The trivia (singular trivium) are three lower Artes Liberales, i.e. grammar, logic, and rhetoric. These were the topics of basic education, foundational to the quadrivia of higher education, and hence the material of basic education and an important building block for all undergraduates.
The ancient Romans used the word triviae to describe where one road split or forked into two roads. Triviae was formed from tri (three) and viae (roads) – literally meaning "three roads", and in transferred use "a public place" and hence the meaning "commonplace."
The pertaining adjective is triviālis. The adjective trivial was adopted in Early Modern English, while the noun trivium only appears in learned usage from the 19th century, in reference to the Artes Liberales and the plural trivia in the sense of "trivialities, trifles" only in the 20th century.
The Latin adjective triviālis in Classical Latin besides its literal meaning could have the meaning "appropriate to the street corner, commonplace, vulgar." In late Latin, it could also simply mean "triple." In medieval Latin, it came to refer to the lower division of the Artes Liberales, namely grammar, rhetoric, and logic. (The other four Liberal Arts were the quadrivium, namely arithmetic, geometry, music, and astronomy, which were more challenging.) Hence, trivial in this sense would have meant "of interest only to an undergraduate."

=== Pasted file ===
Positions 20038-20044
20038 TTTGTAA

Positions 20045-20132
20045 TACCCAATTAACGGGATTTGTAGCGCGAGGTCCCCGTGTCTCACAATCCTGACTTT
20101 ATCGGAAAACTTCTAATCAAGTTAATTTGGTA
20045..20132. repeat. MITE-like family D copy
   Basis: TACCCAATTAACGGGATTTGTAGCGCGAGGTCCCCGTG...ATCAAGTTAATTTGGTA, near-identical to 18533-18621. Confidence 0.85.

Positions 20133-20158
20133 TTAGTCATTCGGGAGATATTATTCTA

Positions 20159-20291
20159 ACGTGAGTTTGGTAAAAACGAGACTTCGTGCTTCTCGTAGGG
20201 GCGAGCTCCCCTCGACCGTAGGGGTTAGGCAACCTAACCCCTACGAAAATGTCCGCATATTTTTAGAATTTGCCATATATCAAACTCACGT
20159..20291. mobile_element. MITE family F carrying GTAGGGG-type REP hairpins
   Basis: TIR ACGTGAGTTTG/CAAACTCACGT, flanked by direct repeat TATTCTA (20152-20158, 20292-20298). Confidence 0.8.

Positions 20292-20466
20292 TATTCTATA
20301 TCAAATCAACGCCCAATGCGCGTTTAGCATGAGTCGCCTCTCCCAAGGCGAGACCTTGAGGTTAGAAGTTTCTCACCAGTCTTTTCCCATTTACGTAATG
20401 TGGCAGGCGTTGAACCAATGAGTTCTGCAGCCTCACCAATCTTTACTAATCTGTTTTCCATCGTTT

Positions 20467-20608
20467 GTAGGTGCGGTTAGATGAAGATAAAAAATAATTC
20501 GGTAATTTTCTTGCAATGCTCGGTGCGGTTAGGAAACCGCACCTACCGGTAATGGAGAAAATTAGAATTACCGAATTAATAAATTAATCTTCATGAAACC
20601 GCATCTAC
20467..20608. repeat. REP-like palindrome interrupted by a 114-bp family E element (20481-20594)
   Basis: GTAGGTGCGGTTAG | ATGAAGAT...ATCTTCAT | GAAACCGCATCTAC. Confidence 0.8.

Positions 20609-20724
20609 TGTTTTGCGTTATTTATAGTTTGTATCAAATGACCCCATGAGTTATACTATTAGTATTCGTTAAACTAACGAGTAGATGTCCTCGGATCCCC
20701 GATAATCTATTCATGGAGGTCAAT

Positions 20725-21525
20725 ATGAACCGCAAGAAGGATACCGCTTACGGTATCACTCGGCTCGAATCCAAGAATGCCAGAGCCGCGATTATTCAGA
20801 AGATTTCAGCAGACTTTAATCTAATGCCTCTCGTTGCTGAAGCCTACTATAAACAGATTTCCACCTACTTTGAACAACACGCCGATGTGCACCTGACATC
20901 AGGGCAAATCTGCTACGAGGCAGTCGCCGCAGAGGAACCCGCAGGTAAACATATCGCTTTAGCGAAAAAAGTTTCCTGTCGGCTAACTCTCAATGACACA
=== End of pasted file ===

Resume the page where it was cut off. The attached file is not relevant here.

The adjective trivial introduced into English in the 15th to 16th century was influenced by all three meanings of the Latin adjective:
Trivia was used as a title by Logan Pearsall Smith in 1902, followed by More Trivia and All Trivia in 1921 and 1933, respectively, collections of short "moral pieces" or aphorisms. Book II of the 1902 publication is headed with a quote from "Gay's Trivia, or New Art of Walking Streets of London.",
Trivialities, bits of information of little consequence was the title of a popular book by British aphorist Logan Pearsall Smith (1865-1946), first published in 1902 but popularized in 1918 (with More Trivia following in 1921 and a collected edition including both in 1933). It consisted of short essays often tied to observation of small things and commonplace moments. Trivia is the plural of trivium, "a public place." The adjectival form of this, trivialis, was hence translated by Smith as "commonplace."